2) Kimchi is a proven shark deterrent. Do you know how hard it is to buy shark repellent these days? South Korea is a peninsula, which means that they're surrounded on all sides by water (i.e - sharks) including if you travel North - dirty communist sharks are even more dangerous than Democratic sharks.) Sharks have such powerful noses that they can smell how many parts per MILLION of kimchi you have in your body. and they want absolutely NO part of you when they do the math...can you blame them? Again, when's the last time you were reading Chosun News and you saw a picture like this, of how another poor soul was lost to a shark? I rest my case.

    3) Kimchi is a vital substitute for Plutonium in your Flux Capacitor. Remember in Back to the Future III, when Marty went back in time to rescue the Doc from MadDog? They needed to escape fast, and they ended up using what appeared to be special logs inside the train engine to push them up to speed, right? WRONG? Because kimchi has clearly been around forever, what the Doc actually did was discover that kimchi, with all its powerful properties, was enough to power them up to the required speed, without even needing gasoline. The only problem was that kimchi would have never sold the movie like the colourful exploding logs would, so they stuck to the original script, and as we all know, the movie was never able to recover from the popularity of the first two. Such a shame, kimchi would have clearly brought it over the top.

    4) Kimchi is a natural stain repellent/stain remover, take your pick. You might argue that with kimchi's natural red colour from the red pepper paste/red pepper oil, and whatever else they put into the kimchi, that it would actually be a natural stain causer. Well, you couldn't be more wrong. Stains pretty much have to come close to the smell of kimchi, and just like bad sucka's ran at the mere sight of B.A Baracus from the A-Team, stains run, in fact, they sprint from the presence of kimchi. And why not - when you're that strong, its no wonder.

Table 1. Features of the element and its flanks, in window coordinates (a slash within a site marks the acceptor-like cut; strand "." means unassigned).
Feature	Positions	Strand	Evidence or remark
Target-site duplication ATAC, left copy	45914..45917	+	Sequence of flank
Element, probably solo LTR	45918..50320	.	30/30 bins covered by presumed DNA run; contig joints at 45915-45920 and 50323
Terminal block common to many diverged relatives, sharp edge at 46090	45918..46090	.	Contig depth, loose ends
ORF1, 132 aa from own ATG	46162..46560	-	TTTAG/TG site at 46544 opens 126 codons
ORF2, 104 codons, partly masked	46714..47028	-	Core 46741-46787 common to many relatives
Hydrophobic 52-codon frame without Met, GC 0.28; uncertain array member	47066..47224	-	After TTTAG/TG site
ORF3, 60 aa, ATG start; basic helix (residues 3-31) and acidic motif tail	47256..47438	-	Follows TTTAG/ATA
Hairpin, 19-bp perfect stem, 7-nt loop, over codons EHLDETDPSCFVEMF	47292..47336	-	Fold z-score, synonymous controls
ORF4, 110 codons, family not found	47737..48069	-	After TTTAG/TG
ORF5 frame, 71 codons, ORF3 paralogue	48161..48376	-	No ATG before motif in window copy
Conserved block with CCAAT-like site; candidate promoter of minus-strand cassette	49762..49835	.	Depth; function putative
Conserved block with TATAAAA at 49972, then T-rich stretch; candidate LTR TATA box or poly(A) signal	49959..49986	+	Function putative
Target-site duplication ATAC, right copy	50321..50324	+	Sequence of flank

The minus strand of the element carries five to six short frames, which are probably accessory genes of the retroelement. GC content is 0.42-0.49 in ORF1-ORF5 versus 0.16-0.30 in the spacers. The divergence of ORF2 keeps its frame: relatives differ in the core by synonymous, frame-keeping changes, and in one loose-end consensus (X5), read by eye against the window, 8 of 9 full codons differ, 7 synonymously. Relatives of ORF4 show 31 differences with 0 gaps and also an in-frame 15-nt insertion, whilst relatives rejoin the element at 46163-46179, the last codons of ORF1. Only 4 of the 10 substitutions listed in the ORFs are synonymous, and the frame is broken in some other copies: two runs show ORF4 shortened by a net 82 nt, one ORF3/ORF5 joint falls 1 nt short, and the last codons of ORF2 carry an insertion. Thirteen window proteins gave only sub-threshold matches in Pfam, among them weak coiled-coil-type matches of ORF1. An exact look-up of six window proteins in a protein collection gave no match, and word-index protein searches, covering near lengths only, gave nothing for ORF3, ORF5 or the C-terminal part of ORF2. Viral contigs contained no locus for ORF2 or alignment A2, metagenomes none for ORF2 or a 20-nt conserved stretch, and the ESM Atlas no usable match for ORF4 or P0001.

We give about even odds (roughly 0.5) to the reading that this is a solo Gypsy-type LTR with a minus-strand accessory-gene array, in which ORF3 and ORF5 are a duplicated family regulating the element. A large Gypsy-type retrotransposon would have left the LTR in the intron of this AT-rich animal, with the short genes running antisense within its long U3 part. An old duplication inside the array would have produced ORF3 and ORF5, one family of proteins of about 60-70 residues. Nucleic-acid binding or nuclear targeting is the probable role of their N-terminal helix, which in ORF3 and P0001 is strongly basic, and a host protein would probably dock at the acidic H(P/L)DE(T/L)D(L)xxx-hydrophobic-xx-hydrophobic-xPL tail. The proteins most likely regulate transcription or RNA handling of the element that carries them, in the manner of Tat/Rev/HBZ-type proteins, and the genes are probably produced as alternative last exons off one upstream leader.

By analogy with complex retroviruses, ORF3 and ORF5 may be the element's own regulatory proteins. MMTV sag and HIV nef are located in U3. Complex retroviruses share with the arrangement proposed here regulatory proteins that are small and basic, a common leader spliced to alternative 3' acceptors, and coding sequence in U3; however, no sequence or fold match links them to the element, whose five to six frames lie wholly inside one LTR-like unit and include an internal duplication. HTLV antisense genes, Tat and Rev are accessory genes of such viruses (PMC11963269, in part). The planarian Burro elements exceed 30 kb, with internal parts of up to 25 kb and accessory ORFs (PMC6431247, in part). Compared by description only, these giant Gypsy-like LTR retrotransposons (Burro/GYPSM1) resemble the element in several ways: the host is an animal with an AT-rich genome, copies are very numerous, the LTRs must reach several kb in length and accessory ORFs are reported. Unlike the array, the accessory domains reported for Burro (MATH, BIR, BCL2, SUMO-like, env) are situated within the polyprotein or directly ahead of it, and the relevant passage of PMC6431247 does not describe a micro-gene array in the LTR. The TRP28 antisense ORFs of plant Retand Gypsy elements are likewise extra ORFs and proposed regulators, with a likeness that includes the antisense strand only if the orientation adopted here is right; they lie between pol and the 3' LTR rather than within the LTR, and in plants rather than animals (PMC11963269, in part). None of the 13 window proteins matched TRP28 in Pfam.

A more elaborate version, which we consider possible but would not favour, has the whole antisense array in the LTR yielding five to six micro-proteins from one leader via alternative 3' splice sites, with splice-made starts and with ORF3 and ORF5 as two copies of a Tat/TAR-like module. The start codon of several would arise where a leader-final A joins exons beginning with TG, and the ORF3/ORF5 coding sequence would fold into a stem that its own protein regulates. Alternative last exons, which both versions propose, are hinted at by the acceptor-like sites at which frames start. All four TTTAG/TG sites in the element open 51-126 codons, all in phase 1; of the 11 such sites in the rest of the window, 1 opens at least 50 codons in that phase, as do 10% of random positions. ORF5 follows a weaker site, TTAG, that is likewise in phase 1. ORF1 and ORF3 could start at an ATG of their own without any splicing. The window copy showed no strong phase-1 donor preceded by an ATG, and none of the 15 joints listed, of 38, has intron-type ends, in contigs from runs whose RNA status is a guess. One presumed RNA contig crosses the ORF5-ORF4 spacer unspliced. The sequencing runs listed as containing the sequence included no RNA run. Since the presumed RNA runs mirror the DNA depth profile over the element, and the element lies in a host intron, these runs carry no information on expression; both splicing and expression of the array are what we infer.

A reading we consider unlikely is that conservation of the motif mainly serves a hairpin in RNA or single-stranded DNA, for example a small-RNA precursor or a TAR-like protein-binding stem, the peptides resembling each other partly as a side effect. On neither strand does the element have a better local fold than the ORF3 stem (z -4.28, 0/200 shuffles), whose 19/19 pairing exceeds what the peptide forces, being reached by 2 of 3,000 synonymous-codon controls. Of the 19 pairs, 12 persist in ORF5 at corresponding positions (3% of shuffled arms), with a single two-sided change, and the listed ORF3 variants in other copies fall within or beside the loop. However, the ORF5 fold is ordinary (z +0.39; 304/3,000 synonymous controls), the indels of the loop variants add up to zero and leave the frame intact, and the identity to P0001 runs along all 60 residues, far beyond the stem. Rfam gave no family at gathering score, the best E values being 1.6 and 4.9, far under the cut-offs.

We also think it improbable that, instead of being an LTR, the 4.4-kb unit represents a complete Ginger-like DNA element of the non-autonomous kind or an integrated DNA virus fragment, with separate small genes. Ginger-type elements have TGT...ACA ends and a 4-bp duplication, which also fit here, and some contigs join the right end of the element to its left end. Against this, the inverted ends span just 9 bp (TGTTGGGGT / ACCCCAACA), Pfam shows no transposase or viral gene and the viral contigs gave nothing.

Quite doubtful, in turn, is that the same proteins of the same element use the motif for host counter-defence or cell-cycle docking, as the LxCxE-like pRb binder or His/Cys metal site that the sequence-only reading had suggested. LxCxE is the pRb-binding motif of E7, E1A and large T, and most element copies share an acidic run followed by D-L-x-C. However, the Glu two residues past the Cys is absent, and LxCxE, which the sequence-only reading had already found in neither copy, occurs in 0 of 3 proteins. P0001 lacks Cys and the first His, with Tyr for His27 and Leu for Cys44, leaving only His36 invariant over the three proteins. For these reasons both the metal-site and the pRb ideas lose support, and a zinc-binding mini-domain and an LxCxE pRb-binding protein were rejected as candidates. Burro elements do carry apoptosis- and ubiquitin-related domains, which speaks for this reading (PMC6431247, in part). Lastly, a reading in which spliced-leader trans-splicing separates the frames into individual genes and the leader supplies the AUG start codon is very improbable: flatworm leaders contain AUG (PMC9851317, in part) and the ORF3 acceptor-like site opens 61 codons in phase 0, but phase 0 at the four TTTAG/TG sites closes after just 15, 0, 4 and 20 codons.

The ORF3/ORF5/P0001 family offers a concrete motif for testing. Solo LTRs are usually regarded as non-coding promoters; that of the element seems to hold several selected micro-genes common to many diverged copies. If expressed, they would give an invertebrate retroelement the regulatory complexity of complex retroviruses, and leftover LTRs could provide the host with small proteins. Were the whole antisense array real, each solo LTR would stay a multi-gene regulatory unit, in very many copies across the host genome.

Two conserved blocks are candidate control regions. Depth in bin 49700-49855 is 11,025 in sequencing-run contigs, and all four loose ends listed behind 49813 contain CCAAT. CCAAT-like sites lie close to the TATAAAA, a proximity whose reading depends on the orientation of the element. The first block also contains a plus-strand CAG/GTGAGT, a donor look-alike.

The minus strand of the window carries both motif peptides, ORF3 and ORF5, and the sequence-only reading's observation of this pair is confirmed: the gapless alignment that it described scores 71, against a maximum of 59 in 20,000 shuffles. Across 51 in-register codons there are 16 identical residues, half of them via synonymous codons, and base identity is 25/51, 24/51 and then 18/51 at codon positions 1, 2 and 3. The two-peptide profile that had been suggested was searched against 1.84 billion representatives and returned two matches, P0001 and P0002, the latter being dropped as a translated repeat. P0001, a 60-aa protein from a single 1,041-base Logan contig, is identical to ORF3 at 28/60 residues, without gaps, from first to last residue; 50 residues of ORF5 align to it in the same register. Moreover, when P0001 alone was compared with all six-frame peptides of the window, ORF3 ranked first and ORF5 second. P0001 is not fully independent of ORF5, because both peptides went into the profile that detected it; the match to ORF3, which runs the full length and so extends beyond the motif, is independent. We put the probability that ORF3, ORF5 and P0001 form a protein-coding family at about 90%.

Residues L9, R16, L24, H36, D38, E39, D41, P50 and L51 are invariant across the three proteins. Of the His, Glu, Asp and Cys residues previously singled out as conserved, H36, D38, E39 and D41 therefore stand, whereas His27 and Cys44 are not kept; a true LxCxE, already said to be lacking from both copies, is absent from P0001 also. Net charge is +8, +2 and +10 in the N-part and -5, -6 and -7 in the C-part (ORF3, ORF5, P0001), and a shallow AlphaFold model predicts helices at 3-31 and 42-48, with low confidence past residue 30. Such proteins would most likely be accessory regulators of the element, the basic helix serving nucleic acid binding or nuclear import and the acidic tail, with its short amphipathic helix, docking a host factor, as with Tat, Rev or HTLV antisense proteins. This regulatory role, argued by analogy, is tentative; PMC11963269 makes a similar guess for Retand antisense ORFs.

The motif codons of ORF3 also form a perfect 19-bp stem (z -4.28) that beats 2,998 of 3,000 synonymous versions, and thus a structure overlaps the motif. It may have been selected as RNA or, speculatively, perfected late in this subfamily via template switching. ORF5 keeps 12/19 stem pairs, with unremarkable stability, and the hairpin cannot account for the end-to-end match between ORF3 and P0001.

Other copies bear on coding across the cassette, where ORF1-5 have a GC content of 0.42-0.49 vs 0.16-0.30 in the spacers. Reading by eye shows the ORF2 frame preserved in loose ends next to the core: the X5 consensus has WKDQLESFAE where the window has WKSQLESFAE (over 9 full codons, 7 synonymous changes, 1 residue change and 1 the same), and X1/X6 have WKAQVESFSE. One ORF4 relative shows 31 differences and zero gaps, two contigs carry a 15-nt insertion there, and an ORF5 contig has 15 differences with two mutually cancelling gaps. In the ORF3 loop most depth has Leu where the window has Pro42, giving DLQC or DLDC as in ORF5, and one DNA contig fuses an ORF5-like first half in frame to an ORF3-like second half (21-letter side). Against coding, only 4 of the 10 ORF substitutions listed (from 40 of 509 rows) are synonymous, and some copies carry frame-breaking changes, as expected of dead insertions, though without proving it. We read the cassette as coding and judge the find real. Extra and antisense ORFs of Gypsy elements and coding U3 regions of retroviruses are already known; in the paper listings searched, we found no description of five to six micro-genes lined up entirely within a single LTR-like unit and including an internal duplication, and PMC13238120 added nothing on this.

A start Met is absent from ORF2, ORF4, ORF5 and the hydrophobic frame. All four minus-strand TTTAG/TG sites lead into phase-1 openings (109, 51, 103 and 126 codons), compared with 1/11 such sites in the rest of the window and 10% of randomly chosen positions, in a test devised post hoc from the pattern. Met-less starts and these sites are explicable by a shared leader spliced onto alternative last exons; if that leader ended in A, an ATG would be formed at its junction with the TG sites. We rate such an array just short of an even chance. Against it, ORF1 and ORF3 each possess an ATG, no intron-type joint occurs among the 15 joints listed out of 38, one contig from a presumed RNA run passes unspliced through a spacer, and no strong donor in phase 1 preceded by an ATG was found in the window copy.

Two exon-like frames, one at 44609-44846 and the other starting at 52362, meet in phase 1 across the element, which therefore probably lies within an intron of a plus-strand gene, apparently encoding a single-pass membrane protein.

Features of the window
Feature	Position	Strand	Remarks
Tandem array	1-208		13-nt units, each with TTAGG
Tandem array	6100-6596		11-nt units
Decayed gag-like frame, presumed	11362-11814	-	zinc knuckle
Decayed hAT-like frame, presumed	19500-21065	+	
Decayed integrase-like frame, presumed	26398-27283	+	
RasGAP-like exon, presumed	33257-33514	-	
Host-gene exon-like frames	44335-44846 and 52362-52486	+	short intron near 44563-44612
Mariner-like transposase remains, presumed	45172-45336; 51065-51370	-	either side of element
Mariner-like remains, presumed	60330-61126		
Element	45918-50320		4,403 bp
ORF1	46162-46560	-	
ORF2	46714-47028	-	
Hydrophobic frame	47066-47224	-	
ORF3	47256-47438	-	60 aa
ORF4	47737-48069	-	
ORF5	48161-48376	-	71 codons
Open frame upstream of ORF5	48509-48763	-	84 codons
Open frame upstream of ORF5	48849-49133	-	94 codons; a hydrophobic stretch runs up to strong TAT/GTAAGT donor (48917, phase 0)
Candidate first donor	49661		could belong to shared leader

Stay tuned for the next installment of the secret powers of kimchi - more to come in the future weeks...

    A few fun slogans.... Friday, September 07, 2007 |

    I'm sure all of you know of the tourism slogans that many countries use via television commercials to try and get you to visit their spot. Well, some foreigners took the time to create some (less than) creative slogans for Korea, and some of them are quite funny, especially for those of you who have been here before. So, for those of you who know nothing about Korea, or for those who live here currently, enjoy!

    Korea: Where Even the Rednecks Drive Hyundai's -
    In North America,Hyundai cars are valued for their cheap prices and, well, cheap prices. Many people see them as a cheaper alternative to those who cannot afford a Toyota or a Honda car. However, in Korea, EVERYONE drives a Hyundai. Not only that, but they all buy their Hyundai's in the same colours; black or white. In my opinion, their car models look even better than Honda's and Toyota's new models - unfortunately the models they manufacture here are not the same as they make in North America.

    Korea: go ahead, you can smoke here -
    Pretty self-explanatory; there is almost no place that is off-limits to smoke, except say, in a Hospital...It's pretty bad, and they make most American's look like lightweights with their smoking habits....

    Korea: no no the other one -

    Believe it or not, when I sometimes tell my friends back home that I'm teaching in Korea, they somewhat seriously ask if I mean North Korea - South Korea's actual country name is "the Republic of Korea" - while the North's official name is "Democratic Peoples Republic of Korea."

    Korea: Peeing in private optional -
    Last week, I was biking back from my squash, and the bus driver pulled over to the side of the road, opened his door, and proceeded to step into the bushes on the side of the road (the bushes were between the road and the apartment community on the other side) and proceeded to pee all over the place. While its not common to see, it does happen, and everytime you see it, you do a double take, and think "yup, that's what i thought - he's taking a leak." By the way, only men do this, not the women....

    Korea: Where ANYONE can own a language school -